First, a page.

Horror masters Blumhouse (Get Out; Halloween) return this week with creepy chiller The Vigil. The movie takes as its basis the Jewish 'shomer' ceremony, whereby a person is asked to watch over the body of a recently deceased individual. Needless to say, the shomer depicted in the movie takes a menacing turn when the corpse appears to return to life...
In anticipation of The Vigil's release, we thought we'd round up some of our favourite ritualistic horror films. Here are five bloodcurdling classics to watch in preparation for the new Blumhouse spine-tingler.
1. The Wicker Man (1973)
The granddaddy of ritualistic horror, The Wicker Man continues to exert an eerie spell. Edward Woodward delivers a memorable performance as the Christian copper who is sent to a remote Scottish community, Summerisle, to investigate the disappearance of a missing girl. What he cannot know is that he is being used as a pawn in a diabolical pagan plot, overseen by Lord Summerisle (Christopher Lee). Director Robin Hardy and screenwriter Anthony Shaffer do a tremendous job in moving from the amusing, fish-out-of-water comedy of Howie's initial predicament, to the bone-chilling finale. Of course, it's Woodward's convincingly anguished reaction that really chills – he really is the proverbial lamb to the slaughter.
2. House of the Devil (2009)
Director Ti West is part of a new wave of filmmakers who nostalgically riff on eighties horror conventions. (Another example would be Adam Wingard with The Guest and You're Next.) The House of the Devil targets the 'Satanic Panic' craze that swept the USA during the 1980s, with fears of ritualistic murder and mayhem at peak proportions. When a young babysitter is asked to keep watch on an old woman in a creaky old house, she comes to suspect that something sinister is afoot. Not only authentic to the 1980s in terms of its themes, the film's look (grainy stock, slow zooms, an emphasis on retro devices like headphones) is also suitably old-fashioned. And the final act plunge into bloody ritual terror, made worse by the agonisingly slow and suspenseful build-up, will leave you shaken.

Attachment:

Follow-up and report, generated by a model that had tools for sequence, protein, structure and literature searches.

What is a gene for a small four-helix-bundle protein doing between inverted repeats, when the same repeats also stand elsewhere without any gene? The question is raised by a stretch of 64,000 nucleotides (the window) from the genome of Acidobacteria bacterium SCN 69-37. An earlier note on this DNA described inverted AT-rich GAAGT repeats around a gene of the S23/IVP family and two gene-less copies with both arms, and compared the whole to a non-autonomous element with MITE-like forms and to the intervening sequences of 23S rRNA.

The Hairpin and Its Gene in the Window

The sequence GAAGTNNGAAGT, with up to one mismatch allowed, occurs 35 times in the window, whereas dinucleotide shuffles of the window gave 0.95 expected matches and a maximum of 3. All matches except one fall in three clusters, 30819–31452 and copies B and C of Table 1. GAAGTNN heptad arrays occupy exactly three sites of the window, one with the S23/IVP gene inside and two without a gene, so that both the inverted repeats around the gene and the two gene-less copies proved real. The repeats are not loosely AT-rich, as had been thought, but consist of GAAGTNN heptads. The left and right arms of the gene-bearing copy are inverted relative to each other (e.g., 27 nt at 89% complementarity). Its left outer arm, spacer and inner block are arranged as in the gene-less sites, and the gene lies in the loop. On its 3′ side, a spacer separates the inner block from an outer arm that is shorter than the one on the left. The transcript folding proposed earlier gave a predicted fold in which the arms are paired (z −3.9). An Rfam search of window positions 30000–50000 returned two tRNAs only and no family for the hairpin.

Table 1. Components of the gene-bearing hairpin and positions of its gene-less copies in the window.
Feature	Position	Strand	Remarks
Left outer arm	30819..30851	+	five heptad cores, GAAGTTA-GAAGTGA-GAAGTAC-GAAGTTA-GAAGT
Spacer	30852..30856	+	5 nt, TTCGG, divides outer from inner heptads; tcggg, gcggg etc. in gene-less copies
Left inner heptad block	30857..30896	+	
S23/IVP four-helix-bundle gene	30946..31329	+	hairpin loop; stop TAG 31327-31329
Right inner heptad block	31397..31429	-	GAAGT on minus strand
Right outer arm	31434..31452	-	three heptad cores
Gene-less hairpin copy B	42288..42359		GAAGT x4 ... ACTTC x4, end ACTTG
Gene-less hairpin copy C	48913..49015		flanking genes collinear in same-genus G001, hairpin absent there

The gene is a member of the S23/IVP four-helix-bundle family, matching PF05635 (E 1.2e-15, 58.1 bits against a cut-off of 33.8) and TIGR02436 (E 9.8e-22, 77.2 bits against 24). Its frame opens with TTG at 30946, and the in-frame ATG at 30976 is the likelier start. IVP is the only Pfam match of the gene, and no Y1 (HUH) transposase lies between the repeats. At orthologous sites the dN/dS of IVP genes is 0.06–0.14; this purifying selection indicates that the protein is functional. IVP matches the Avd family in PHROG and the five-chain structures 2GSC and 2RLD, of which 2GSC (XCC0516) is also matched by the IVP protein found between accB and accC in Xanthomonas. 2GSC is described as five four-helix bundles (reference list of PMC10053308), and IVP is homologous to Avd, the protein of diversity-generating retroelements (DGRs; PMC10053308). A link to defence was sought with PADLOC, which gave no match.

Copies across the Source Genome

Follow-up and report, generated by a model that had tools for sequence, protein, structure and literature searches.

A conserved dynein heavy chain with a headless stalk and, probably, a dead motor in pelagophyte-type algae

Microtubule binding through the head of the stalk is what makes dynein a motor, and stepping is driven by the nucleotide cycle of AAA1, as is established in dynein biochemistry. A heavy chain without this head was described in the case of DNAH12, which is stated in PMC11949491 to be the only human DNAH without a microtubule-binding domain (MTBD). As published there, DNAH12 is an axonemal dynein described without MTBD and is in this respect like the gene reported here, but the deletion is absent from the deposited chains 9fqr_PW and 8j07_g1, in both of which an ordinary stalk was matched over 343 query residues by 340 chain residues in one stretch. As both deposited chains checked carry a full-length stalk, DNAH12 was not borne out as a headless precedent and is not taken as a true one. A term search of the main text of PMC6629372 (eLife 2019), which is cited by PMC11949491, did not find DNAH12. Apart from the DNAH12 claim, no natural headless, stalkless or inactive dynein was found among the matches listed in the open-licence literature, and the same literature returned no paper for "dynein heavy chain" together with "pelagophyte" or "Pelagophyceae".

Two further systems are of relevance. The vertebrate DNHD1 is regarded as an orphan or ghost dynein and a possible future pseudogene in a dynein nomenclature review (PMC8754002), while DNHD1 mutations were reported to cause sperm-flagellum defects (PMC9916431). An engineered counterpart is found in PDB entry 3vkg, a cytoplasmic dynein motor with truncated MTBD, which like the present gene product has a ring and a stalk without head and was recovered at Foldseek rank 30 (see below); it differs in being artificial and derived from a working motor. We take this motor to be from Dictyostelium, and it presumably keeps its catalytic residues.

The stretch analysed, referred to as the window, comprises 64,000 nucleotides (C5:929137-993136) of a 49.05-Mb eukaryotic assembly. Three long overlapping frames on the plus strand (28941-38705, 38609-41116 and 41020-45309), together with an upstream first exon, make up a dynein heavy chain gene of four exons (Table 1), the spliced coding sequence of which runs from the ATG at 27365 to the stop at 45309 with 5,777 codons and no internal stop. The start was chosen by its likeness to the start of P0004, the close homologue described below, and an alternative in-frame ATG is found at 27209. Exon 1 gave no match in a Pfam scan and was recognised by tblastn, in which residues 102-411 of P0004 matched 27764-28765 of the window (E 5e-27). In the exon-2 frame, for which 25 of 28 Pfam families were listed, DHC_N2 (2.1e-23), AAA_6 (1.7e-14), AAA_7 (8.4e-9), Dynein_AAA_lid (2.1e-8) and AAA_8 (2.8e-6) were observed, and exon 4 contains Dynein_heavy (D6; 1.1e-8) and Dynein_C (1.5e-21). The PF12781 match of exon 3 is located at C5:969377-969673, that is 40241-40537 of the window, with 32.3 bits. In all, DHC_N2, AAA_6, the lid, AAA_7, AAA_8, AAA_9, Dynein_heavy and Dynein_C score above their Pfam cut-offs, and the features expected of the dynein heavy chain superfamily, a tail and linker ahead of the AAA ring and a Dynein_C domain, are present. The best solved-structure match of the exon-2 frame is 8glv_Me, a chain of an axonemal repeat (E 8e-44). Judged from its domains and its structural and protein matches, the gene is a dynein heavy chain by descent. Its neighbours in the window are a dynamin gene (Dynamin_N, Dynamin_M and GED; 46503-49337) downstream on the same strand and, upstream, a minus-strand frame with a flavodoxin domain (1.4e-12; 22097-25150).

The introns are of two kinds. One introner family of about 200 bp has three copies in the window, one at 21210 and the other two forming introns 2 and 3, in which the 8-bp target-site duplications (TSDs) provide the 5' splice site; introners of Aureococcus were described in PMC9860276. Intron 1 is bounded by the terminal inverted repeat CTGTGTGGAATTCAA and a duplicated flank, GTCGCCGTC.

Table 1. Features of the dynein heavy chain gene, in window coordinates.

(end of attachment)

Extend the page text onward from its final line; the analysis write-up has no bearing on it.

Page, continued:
3. Kill List (2011)
British filmmaker Ben Wheatley delights in keeping the audience off-balance. Take his pitch-black comedy Sightseers for instance, which takes a couple of unassuming Midlanders in their caravan and twists them into psychotic killers. However, few of his films are as menacing as Kill List, which begins as a kitchen sink drama akin to Mike Leigh, and culminates in a terrifying, bizarre bloodbath. Ostensibly, the film is about two hitmen (Neil Maskell and Michael Smiley) on a job to eliminate some targets. But it becomes clear they are at the centre of a spider's web of evil, and it has personal ramifications for at least one of the two men. Just try to predict where Kill List is going as you watch it – it's nearly impossible.
4. The Ritual (2017)
Adam Neville's book The Ritual gets a suitably creepy movie adaptation, with a talented young cast led by Life of Pi's Rafe Spall. As per the novel, the film takes a group of British friends and sends them off on a Scandinavian hiking trip. However, one injury and a shortcut through a forest later, and all manner of guilty recriminations start to bubble to the surface. The film balances the psychological angst of its ensemble with the burgeoning knowledge that someone, or something, is out in the woods – and it wants blood. It's very much in the vein of The Wicker Man, particularly in the final act, but the sturdy performances give it conviction.
5. Midsommar (2019)
In 2018, Ari Aster blew us all away with his insidiously creepy horror Hereditary. When it came to his follow-up movie, Midsommar, he switched up the tone somewhat. Although this story of hapless Americans at the mercy of a Swedish pagan cult has its share of horrific moments, there's also plenty of emphasis on black comedy. Aster cited British surrealist master Chris Morris as an influence on Midsommar, and certainly, there's a great deal of morbid amusement at watching dumb, arrogant tourists walking into the lion's mouth. However, it's Florence Pugh's remarkable central performance as the emotionally tortured Dani that makes the film stick in the mind. Her relationship woes with boyfriend Christian (Jack Reynor) find their cathartic release during the midsommar ceremony, culminating in a finale that is equal parts horrifying and empowering.